1 Over/Under please
2 Let’s tack on another $19 to that $3000 MacBook
3 In case of the 15″ MacBook Pro
4 Some think it’s actually less convenient because they now can lose or forget another piece
Blog Linkblog

The new MacBook Pro is kind of great for hackers

Adam Geitgey:

A million hot takes have been posted about how the late-2016 MacBook Pro with USB-C is the undeniable proof that Apple doesn’t care about developers anymore. They took away all the ports! No Esc key! It’s just a more expensive MacBook Air!

But in some ways, the new MacBook Pro is the most techy and expandable laptop Apple has ever made. They are trusting their pro users to wade into murky USB-C waters in search of the holy grail of a universal, open standard for moving data and power between devices.

I’m not here to change your mind about the MacBook Pro. Yes, it’s probably too expensive and more RAM is better than less RAM. But everyone posting complaints without actually using a MBP for a few weeks is missing out on all the clever things you can do because it is built on USB-C. Over the past week or two with a new MacBook Pro (15in, 2.9ghz, TouchBar), I’ve been constantly surprised with how USB-C makes new things possible. It’s a kind of a hacker’s dream.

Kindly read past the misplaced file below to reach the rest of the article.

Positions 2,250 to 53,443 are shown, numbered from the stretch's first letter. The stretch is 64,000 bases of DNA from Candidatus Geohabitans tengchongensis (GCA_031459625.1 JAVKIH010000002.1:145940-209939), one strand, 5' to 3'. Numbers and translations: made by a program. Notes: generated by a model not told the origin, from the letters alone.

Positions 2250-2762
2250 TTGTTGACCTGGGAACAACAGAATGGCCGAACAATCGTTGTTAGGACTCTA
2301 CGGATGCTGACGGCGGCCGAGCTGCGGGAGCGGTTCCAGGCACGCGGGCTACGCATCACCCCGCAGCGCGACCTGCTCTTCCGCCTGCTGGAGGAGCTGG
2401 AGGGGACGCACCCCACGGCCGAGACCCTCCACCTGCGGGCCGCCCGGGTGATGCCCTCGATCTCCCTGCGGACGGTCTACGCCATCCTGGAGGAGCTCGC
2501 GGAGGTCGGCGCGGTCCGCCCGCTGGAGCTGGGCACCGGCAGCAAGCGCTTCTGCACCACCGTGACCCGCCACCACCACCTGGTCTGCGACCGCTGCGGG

I personally don’t mind the choice of Apple going USB-C only either. The 2016 MacBook Pro is the best computer I’ve owned to date. But, yes, I’ve had that moment when I realized “Oh, wait, this doesn’t plug in natively anymore.” It was my YubiKey (Yubico is currently planning to release USB-C versions).

Once you get the usual cords as native USB-C versions, e.g. USB-C to micro USB, there are no dongles necessary anymore. Of course, for some devices, like mice or keyboards, you’ll have to go with a 10-Dollar-dongle until you eventually replace the device.

I began looking for USB-C accessories a while ago, ever since Apple started adding the ports to devices like the MacBook – or even Apple TV. For example when choosing a portable battery pack, I chose one that also had a USB-C port. It’s well-known that Apple doesn’t have any issues killing off ports of any sort no matter how old or how prevalent they are.